After a team restructuring last week that saw the formation of new partnerships, there was a palatable sense of refreshment combined with the ongoing hustle. We were determined to continue the good cause and keep fighting for our dreams and projects.
We continued our weekly meet-ups with our mentors, and each of us continued to learn something unique to our project and self, in different ways.
Hansen shares with us the considerations of balancing a higher cost of service by targeting a niche market segment:
It is a known fact that cost would be a huge factor when business makes decision. Similarly, our product being almost x10 the cost of the conventional methods used now, would not be commercially viable unless it is the customized solution for our potential clients might be looking for, albeit, this niche is big enough for the business to even begin to start commercially.
After discussing with my team — especially with the inventor — together, we are discussing of coming with a new product line that might potentially be a complimentary product with each other. The new product line would not only serve a wider group of audience and consumer, but also, a much affordable and easier application. On top of that, the original product might be able to serve a smaller scale projects that would be able to specifically tailor to the unique challenges. — Hansen
His teammate Vanessa added on:
We consulted our mentors on Friday about our direction. Here are the key takeaways:
1. Look beyond the price of our product and find value. Reducing labour time is also a part of raising value and reducing the customers’ costs.
2. Speak their language. Talk to the customers with the industry standard.
3. Having a case study on the website can help customers. — Vanessa
Sherman also elucidates on how we may lose sight of the initial purpose as we progress along the routine task of ideation, conceptualization, prototyping and validation.
As progress were made and pages were flipped, we often forgot on the quintessential focus on the ventures we made. I remember the time where I set to to learn a new instrument, yet, as time pass and the level of skills increases, I forgot about the most important element that my teacher taught me previously, Practice. Practice made perfect. The core value of different abilities are often forgotten as these habits become routine. — Sherman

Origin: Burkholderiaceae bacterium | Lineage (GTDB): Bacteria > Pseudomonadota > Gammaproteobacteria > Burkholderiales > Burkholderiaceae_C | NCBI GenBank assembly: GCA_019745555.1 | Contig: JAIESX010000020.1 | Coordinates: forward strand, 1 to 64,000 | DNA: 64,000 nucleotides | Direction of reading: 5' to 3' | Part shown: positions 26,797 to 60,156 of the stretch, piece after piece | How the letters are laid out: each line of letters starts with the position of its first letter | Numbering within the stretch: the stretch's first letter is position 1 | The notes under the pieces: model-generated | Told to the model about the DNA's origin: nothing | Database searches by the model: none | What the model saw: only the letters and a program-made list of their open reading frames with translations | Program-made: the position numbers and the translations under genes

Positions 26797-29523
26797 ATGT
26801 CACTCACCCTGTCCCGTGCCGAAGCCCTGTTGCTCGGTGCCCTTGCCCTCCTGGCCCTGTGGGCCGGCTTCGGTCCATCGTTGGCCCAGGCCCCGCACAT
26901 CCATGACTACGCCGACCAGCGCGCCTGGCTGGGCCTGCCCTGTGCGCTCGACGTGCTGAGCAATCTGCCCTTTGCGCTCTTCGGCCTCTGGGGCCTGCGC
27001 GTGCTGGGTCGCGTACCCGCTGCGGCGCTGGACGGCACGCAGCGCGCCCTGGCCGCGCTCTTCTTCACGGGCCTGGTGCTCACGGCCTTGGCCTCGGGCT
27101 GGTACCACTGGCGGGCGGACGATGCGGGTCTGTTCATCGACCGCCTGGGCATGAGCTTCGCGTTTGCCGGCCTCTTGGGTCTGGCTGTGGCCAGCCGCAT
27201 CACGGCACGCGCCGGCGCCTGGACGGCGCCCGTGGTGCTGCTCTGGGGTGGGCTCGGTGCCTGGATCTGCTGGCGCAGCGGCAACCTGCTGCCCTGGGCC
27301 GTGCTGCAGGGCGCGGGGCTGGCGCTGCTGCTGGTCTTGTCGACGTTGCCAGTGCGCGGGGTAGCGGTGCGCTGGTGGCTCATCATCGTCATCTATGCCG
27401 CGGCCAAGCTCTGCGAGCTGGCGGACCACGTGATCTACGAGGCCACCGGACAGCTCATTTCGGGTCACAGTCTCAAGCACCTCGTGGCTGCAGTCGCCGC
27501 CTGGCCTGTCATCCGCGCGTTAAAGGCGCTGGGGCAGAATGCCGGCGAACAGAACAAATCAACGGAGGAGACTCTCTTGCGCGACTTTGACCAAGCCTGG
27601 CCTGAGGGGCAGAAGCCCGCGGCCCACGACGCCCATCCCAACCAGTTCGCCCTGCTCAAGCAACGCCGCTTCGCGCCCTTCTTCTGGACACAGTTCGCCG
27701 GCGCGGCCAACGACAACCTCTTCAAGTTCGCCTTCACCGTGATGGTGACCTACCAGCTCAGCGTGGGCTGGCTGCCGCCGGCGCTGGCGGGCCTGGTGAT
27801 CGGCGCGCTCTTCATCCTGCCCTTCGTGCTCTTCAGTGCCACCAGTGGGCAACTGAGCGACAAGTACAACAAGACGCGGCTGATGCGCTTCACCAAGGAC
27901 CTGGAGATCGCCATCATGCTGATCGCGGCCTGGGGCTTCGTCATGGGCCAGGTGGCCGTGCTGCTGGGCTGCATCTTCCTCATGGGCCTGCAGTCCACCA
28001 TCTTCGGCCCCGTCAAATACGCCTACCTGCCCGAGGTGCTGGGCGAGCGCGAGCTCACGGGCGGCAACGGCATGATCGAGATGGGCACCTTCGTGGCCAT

We also had a continuation of our series of lectures with ideasinc veni. This week, the topic focussed on the “Left-Hand Side of the Business Model Canvas”, which was the subjects of “Key Resources”, “Key Activities” and “Key Partners”.
In a nutshell, “Key Resources” are the resources needed to create our value proposition and deliver it to our customers. They include intellectual property, facilities and staffing.
“Key Activities” are what our business does on a daily basis, including its core competencies, strengths and weaknesses. Understanding clearly the core competencies of the company is the foundation upon which to build the business idea upon.
“Key Partners” are the ones we have to figure out whom to work with to address our weaknesses and amplify our strengths.
As always, the week ended with yet another session of inter-team bonding, this time with more basketball sessions at Adriel’s residence. We were glad that more peers responded to our open call for team bonding, and we achieved our highest turnout for recreation in a while.
Let’s continue the good fight, and continue to strive for our dreams to become a reality.
Until next week, this is VB18 signing off.